ARISS contact planned with school in Australia Downlink audible over Europe

 

Sunday September 9, 2012 at 08.50 UTC, which is 10.50 CEST, an ARISS contact is planned with Tara Anglican School, North Parramatta, New South Wales, Australia.

This will be a telebridge radio contact operated by ON4ISS in Belgium. Downlink signals from the International Space Station will be audible over Europe on 145.800 MHz FM.

 

The contact will also be broadcast on EchoLink AMSAT (node 101 377) and JK1ZRW (node 277 208) Conference servers, as well as on IRLP Discovery Reflector 9010.

 

Tara was selected by Oxford University as the Australian school to participate in the Global Jet Watch Program which links astronomers at Oxford University with students from four high schools around the world in Australia, Chile, South Africa and India in order to carry out cutting edge research. Oxford University has installed a research grade 20 inch RC Optical telescope, together with custom designed instrumentation and an observatory with a 4.5 metre dome in Tara's grounds for use by the students.

 

Tara also has formed a partnership with the Astronomical Society of NSW (ASNSW) though which the students are mentored in complex astronomy projects by experienced amateur astronomers who volunteer their time and expertise. The ASNSW runs astronomy courses at Tara and has opened Crago Observatory at Bowern Mountain to students of the Space Odyssey Team.

 

Students will ask as many of following questions as time allows.

 

1. Rebecca: What inspired you to become an astronaut?

 

2. Natasha: What has amazed you most about being in Space?

 

3. Melanie: What clock time do you use in Space?

 

4. Grace Dugdale: Can you tell us about any of the research projects you are working on during the current ISS mission?

 

5. Brooke: What happens if you get sick in Space? Do all astronauts have medical training to deal with this?

 

6. Adithya: Have you ever dropped anything outside of the craft and do you think there will one day be a ring around the Earth of dropped tools and debris?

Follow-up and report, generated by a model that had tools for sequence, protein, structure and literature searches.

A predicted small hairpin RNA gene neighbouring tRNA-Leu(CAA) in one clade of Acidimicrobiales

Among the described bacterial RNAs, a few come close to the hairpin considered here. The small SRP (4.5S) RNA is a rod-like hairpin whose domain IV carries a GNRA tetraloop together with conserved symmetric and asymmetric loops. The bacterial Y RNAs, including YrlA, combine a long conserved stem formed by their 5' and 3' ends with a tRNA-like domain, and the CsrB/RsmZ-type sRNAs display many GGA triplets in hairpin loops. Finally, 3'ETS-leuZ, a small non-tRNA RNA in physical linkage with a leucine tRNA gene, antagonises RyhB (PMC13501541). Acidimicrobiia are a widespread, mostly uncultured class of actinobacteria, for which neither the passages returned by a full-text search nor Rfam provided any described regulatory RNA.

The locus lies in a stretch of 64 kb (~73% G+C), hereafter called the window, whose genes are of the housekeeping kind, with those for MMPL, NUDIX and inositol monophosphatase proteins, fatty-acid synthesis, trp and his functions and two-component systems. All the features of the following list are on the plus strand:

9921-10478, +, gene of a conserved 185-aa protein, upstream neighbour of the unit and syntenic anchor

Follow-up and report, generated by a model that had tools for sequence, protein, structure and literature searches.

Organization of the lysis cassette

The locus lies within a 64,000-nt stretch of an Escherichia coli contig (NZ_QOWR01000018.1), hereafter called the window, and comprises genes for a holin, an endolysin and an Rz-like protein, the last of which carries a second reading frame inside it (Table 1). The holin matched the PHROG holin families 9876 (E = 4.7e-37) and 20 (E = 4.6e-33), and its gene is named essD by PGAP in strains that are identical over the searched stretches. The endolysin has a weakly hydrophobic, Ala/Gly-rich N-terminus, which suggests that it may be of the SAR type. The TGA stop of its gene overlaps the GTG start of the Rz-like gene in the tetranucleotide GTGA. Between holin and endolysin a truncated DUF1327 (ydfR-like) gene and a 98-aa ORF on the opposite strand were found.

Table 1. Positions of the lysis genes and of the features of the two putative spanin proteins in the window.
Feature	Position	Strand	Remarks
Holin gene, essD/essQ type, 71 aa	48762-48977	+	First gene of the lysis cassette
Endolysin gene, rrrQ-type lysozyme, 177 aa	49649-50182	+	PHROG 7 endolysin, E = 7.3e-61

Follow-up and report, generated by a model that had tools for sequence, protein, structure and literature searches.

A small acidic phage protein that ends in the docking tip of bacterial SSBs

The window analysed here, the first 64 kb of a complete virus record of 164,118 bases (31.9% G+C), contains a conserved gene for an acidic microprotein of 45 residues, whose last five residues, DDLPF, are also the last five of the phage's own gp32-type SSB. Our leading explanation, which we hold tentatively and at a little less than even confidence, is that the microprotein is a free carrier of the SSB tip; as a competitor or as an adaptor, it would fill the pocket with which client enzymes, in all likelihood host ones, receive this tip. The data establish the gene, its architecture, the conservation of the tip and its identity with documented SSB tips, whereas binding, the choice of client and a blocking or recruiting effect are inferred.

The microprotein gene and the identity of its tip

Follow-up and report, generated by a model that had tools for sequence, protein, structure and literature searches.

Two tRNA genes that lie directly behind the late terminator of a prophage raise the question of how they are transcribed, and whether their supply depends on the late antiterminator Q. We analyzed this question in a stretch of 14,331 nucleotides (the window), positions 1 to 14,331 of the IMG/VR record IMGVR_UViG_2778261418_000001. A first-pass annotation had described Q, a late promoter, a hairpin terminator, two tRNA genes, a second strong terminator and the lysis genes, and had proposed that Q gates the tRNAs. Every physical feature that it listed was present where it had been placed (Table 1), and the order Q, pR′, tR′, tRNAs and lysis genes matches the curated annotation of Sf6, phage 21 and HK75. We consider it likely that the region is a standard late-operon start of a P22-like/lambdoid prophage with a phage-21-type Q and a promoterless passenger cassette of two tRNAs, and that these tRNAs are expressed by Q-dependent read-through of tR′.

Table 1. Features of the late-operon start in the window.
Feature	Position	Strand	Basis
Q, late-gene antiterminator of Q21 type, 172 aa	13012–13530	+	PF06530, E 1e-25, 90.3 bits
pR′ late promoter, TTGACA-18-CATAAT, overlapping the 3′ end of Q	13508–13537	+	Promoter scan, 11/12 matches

7. Andrea: How is your day organised on the ISS?

 

8. Marissa: Do you ever see, or been hit by, any space junk or meteorites while in the ISS?

 

9. Sarah: How does it make you feel to look back at the Earth from the ISS?

 

10. Steph: Have you ever heard a sound from an object outside your spaceship? If so, what caused it?

 

11. Matt: What is the thing you miss most from Earth?

 

12. Sammy: Where does the energy to power the Space Station for so long come from?

 

13. Nicole: How have your experiences in Space altered your view of the world when you come back to Earth?

 

14. Cristen: What is your advice to kids who want to travel in Space one day?

 

15. Lian: What are the side effects of taking off and living in Space?

 

16. Leandra: What food do you eat in Space?

 

17. Keira: How long did you train to be an astronaut?

 

18. Emma: Given that you are continuing to move in and out of night, how do you maintain your body clock in Space?

 

19. Bella: What exercise do you do while in Space?

 

20. Pranav: Do you believe there is intelligent life elsewhere in the Universe?

 

21. Sophie: How were you chosen to go into Space?

 

22. Tara: What do you do in your spare time in the Space station?

 

23. Claudia: If you could take one extra object from Earth, what would it be?

 

ARISS is an international educational outreach program partnering the participating space agencies, NASA, Russian Space Agency, ESA, CNES, JAXA, and CSA, with the AMSAT and IARU organizations from participating countries.

 

ARISS offers an opportunity for students to experience the excitement of Amateur Radio by talking directly with crewmembers onboard the International Space Station. Teachers, parents and communities see, first hand, how Amateur Radio and crewmembers on ISS can energize youngsters' interest in science, technology and learning.

 

73, Gaston Bertels, ON4WF

ARISS Chairman